The American Health Care Paradox: Why Spending More Is Getting Us Less

Adil Menon reviews Elizabeth H. Bradley and Lauren A. Taylor's "The American Health Care Paradox."

The American Health Care Paradox: Why Spending More Is Getting Us Less. Elizabeth H. Bradley and Lauren A. Taylor. 272 pp. New York, NY, PublicAffairs, 2013. ISBN 978-61309-209-9 (hbk.: alk. paper); 978-1-61309-210-5 (e-book).

Health care expenditures in the United States are projected to exceed $3 trillion per year, yet health outcomes continue to fall behind those of other developed countries. The American Health Care Paradox: Why Spending More Is Getting Us Less examines this phenomenon and argues that strategies to improve health in the United States have traditionally looked only at the health care system as the key driver of health and health outcomes. Authors Elizabeth Bradley and Lauren Taylor propose replacing the current paradigm, of investing directly into the medical system to improve health, with an increased focus on and investments in efforts that directly address social determinants of health, such as access to healthy food, recreational spaces, housing, and education.

As evidence for the importance that addressing social determinants of health improves health outcomes, the authors cast a broad net, gathering what they view as the best examples from abroad, with an emphasis on Scandinavian countries. The authors cite numerous studies, undercutting many of the most prominent arguments for the incommensurability of Scandinavian-style safety nets with American ideals of competition and radical individualism. In addition to citing potential foreign role models, the book also addresses approaches that emerged endogenously from the American context and warrant re-exploration, such as community health centers, innovations from within the Veteran’s Administration to provide veterans with shelter, and certain programs that combine assistance in finding housing and clinical care for the homeless.

Another crucial part of the book focuses on how the United States’ system of healthcare came to be in its current state, where expenditures continue to rise but health outcomes lag behind other developed countries. As Bradley and Taylor reveal, while a majority of other developed nations instituted universal health insurance as a safeguard for its citizens, in the United States the concept of health insurance and, consequently, health care spending, has been inextricably bound to employment, since its genesis. This has engendered a far dimmer perception of those who rely on the government and, therefore, indirectly on their neighbors, to pay for care. National distrust of government intervention and more recent trepidation surrounding the specter of socialism have only taken this perception further.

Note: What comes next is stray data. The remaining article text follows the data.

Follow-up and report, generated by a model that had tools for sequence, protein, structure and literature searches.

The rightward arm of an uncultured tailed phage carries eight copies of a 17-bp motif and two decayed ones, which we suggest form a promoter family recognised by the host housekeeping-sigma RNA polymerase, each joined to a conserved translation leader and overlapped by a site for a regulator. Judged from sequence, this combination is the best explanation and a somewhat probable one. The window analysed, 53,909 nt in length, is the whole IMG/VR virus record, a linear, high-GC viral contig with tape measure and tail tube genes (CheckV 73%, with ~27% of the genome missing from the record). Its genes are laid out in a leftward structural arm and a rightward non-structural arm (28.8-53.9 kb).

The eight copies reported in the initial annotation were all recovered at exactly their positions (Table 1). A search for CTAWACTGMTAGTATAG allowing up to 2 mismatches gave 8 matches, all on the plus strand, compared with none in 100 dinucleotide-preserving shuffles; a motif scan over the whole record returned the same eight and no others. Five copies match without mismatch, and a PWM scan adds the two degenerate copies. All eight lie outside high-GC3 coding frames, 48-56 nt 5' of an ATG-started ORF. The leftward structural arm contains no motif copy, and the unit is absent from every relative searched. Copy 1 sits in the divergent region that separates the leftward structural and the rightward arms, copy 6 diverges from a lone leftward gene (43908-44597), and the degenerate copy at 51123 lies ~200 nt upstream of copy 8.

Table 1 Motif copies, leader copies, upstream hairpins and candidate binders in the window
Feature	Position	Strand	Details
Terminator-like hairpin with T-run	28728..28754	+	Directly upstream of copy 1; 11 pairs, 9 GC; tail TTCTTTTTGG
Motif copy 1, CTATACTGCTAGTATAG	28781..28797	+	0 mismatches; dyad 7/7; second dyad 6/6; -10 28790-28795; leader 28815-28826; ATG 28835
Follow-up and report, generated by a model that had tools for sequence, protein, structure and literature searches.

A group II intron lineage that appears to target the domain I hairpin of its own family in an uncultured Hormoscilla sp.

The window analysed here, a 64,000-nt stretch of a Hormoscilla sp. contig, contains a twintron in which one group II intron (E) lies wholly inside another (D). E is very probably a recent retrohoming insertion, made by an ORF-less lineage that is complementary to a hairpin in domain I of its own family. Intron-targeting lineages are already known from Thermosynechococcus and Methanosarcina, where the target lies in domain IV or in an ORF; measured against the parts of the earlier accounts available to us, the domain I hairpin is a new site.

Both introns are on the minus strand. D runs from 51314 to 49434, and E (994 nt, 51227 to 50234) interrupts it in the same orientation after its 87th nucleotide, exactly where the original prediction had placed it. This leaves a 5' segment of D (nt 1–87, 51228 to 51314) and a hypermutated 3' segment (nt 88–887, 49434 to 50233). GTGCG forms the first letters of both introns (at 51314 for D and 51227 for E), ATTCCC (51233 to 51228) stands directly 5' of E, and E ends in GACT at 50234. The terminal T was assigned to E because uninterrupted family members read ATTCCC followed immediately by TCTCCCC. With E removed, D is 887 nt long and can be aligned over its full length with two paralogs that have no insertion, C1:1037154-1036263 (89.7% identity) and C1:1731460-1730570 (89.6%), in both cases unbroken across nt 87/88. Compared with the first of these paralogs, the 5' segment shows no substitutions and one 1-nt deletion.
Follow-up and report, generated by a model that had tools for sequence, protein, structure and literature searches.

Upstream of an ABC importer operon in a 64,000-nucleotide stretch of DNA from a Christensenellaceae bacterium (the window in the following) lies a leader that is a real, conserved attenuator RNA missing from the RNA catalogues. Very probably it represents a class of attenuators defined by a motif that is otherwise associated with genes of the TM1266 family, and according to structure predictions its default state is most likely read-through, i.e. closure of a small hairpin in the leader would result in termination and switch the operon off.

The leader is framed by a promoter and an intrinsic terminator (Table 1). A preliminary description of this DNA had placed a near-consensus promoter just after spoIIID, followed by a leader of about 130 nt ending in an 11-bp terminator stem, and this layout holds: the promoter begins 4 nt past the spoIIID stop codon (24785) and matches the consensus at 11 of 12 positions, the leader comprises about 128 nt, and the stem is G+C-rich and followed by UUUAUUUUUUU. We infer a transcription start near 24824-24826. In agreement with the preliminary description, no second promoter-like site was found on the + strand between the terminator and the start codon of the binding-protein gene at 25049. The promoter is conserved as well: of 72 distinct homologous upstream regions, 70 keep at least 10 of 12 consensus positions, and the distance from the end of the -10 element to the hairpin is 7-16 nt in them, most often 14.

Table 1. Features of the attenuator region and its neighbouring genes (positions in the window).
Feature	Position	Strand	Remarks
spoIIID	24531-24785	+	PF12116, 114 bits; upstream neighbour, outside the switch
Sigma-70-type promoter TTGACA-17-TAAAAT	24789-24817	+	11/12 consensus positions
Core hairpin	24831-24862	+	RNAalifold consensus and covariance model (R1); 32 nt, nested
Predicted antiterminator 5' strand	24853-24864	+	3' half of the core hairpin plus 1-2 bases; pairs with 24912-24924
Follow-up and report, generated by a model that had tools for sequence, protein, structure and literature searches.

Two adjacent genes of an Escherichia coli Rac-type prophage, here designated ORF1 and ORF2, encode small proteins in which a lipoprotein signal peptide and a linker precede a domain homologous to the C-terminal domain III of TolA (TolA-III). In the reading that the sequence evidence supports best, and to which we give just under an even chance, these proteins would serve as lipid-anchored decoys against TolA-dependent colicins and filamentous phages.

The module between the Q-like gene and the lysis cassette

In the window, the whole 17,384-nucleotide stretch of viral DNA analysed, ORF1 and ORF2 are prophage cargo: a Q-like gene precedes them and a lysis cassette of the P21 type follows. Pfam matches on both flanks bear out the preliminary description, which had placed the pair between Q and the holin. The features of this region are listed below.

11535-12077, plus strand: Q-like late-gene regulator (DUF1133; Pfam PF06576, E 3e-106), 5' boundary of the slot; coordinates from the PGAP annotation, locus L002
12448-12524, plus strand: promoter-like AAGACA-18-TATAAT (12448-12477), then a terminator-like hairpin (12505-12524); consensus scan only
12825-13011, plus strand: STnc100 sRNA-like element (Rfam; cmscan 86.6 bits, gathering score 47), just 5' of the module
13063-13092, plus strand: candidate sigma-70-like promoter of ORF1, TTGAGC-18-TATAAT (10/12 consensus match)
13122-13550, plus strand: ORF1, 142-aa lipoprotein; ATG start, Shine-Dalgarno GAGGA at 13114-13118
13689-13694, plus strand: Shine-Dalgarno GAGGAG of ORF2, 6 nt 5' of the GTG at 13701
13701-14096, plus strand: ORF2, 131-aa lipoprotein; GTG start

I think highly of Taylor’s and Bradley’s work; however, it must be understood as a starting point. If you are looking for a clear path forward, you will not find it in this book. This is not a critique of the work; it is a central facet of it. Each of the successful cases presented by the authors, whether on a local or national scale, is developed with a specific patient population in mind, eschewing the monolithic approaches that largely contributed to generating the present untenable state of health care in the first place.

New evidence is emerging that demonstrates that the broader health policy paradigm, advocated in this book, can meaningfully address shortcomings in our current system. An excellent example is the Harlem Children’s Zone (HCZ), a multi-dimensional, place-based approach to developing a healthy neighborhood and supporting the healthy development of children from birth to adulthood. The program focuses on children within a 100-block area in Central Harlem, where chronic disease and infant mortality rates exceed those in other sections of the city in conjunction with high rates of poverty and unemployment. Programs offered by the Children’s Zone include training and education of expectant parents, full-day pre-kindergarten, after-school and weekend community center programs, nutrition education, recreation options, and food services that provide healthy meals to students. In addition to health benefits, children who have gone through the program have also been determined to have a 92 percent matriculation rate into college, increasing their likelihood of breaking the cycle of poverty.

The American Health Care Paradox not only discusses why the United States fails miserably in its attempts to gain a good return on its health care investment, but also provides charts and tables distilling vast amounts of data. 

This book blends accessibility and comprehensiveness on a deeply complex topic. In this era, when healthcare reform is at the forefront of current political discourse, Paradox is a valuable tool for educators, administrators, reformers, grant makers, and current and future physicians. It is a guide to understanding American medicine as it is now, and paths that may take us where we want to be. 

Adil Menon, MBE '17, can be reached at  BioethicsJournal (at)

[1] Schorn, Daniel. "The Harlem Children's Zone." CBS News. May 11, 2006.

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